Rose brought the old wooden spoon towards her lips. The homemade spaghetti sauce was steaming hot, so she took a moment to blow on it. The garlic bread was ready to go into the oven, and she had made the salad earlier. She smiled, pleased that this, their first day here, had gone better than she expected.
Not only had Grace done most of her studies without complaint, a miracle in itself, but over a couple of sandwiches for lunch, the three of them had negotiated what all considered reasonable chores.
She, of course, would take over most of the housework. Even if that did seem sexist, the truth was that she had always found peace and solace in such things. Of course, Gerald had always dismissed it, “Let the maids get that. That’s what we pay them for.”
Maybe it was being raised by her parents’ housekeeper? Perhaps she felt connected to her childhood and Aunt Rose in those simple tasks like folding the laundry, mopping the floor, or especially cooking dinner?
She had to admit that she was a bit shocked at how readily Cal… Grace had acceded to the whole chore thing. Perhaps it was the novelty of it all? Her daughter would help Chad out with the horses. Rose was not surprised at that per se. The girl loved horses. But loved had amounted to riding them. Perhaps brushing and feeding them afterward, but cleaning up horse shit was another thing that McBride women were not expected to do. Rose’s mouth had dropped at how quickly her daughter had consented to muck out the stables.
But what had almost floored her was the fact that her recently petulant teen had agreed to ‘getting up with chickens’ as Chad called it. If Grace had been shocked that anyone actually got up at five a.m., she had not said it. Not a single smart-mouthed remark had marred their simple lunch.
It was after lunch that brought a smile to Rose’s lips. He had kept his word. Chad had fulfilled his promise. As soon as he had dried the last plate and put it away, the man had suggested that they practice a bit of self-defense.
Grace still believed that it was all just Gerald’s melodrama and said as much. Even, Rose could not convince her daughter of the dangers, not without revealing far more of the truth than she was ready to – just yet anyway. Chad had intervened, asking what it would hurt to know a bit about defending yourself. Grace had shaken her head, shrugged her shoulders, and replied, “Whatever.”
Her daughter might have been reluctant at first, but she had rapidly gotten into it all. Within half an hour, Chad had taught them both three different ways to disarm someone with a knife. Guns were a bit more of a challenge. For a native Texan, her baby girl was a pacificist. They had not been victorious on that one. But Grace had stuck around to watch Chad instruct Rose in the use of a handgun.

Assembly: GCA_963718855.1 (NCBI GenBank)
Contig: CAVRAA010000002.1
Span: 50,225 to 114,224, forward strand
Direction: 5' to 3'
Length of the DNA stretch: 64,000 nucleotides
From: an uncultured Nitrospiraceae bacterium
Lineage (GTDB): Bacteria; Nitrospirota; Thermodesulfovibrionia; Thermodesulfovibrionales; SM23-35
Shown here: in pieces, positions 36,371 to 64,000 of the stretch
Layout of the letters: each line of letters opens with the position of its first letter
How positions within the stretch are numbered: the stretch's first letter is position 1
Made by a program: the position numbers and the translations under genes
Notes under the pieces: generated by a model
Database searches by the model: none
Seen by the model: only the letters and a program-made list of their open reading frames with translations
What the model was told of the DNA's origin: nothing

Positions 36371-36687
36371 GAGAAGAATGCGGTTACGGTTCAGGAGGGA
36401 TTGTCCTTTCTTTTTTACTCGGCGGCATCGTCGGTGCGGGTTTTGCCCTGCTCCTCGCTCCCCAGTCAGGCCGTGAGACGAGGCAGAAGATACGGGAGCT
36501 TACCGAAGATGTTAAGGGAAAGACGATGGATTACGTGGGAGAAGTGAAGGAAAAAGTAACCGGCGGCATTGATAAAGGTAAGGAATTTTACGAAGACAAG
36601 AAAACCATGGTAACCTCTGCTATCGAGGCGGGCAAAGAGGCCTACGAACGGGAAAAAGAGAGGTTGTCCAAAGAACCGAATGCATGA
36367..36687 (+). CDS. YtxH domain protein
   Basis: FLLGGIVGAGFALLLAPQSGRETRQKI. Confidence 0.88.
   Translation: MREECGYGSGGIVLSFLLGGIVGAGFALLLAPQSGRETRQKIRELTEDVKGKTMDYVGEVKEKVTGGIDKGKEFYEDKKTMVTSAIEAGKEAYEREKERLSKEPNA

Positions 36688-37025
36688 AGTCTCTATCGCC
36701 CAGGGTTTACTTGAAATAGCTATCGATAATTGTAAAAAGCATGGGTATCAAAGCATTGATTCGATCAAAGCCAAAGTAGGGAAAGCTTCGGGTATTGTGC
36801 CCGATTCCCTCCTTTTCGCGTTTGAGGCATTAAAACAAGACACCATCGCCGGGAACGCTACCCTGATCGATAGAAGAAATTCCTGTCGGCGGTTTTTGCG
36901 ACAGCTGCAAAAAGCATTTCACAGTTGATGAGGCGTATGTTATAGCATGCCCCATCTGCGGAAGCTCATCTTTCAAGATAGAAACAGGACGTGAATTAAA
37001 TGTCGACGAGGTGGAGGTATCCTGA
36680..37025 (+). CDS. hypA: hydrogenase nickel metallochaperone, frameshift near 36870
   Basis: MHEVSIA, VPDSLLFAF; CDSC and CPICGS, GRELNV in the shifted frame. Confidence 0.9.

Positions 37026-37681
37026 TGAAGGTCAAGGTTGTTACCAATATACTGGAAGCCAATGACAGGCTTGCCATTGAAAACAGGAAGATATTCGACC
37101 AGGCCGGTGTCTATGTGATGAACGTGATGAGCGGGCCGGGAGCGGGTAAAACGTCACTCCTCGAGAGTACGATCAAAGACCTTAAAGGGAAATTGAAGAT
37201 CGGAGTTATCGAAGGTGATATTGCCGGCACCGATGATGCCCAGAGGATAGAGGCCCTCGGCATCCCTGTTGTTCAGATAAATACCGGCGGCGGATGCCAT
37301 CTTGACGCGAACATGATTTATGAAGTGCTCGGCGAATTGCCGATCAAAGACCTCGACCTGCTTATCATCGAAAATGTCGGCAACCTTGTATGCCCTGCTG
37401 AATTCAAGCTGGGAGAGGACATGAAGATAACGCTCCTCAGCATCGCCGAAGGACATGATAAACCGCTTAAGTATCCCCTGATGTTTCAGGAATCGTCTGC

It had been over two decades since she had held a gun, and then it was rifles and shotguns, not revolvers. But even she was surprised at how quickly it had come back. She might not be able to hit the bullseye, but she had only missed the target once. Which meant she could at least slow them down, even if she could not kill someone. She hoped it would be enough. Hell, she hoped it never came to that.
Afterward, they had done the afternoon chores together. Then come back to the house. Chad had disappeared into his study, said he needed to check emails and order stocks. Grace had gone into her room to game or watch YouTube. And she had begun dinner with a smile. She should call them both soon, so they had time to wash up first.
Rose was lost in her thoughts, the pan of garlic bread in one hand and the other on the oven door.
“Did you know?”
She turned with the pan still in her hand. Grace stood just inside the kitchen doorway. Her iPad was clasped tightly to her chest. Her beatific face marred with purple and blue streaks where freshly dyed hair had fallen into her face as she cried. Rose had heard the term ‘dear in the headlights’ many times, but this did not even come close.
She took a step away from the stove towards her daughter, but Grace held up her hand and shook her head as hair flew about her face, more catching in the wet tears that fell like a Galveston thunderstorm on a hot August day.
“Did you know, Mama?”
There was anger, desperation, and something else intangible in her daughter’s words. Whatever it was, Cassie wanted to make it right. Something told her that this was not a boo-boo she could kiss all better.
Rose fought back the need to rush to her child, scoop her into her arms, and never let go. Grace was in no mood for that right now. So, she did the only thing she could. She responded to her daughter’s question – as best she could. “Know what, Callie?”
She took another step away from the stove, approaching her child like you would a wounded animal. “What are you talking about, Grace?” She had to be more careful. They were home this time, but what if they had not been? She could not afford to slip up. Even as new as this all was.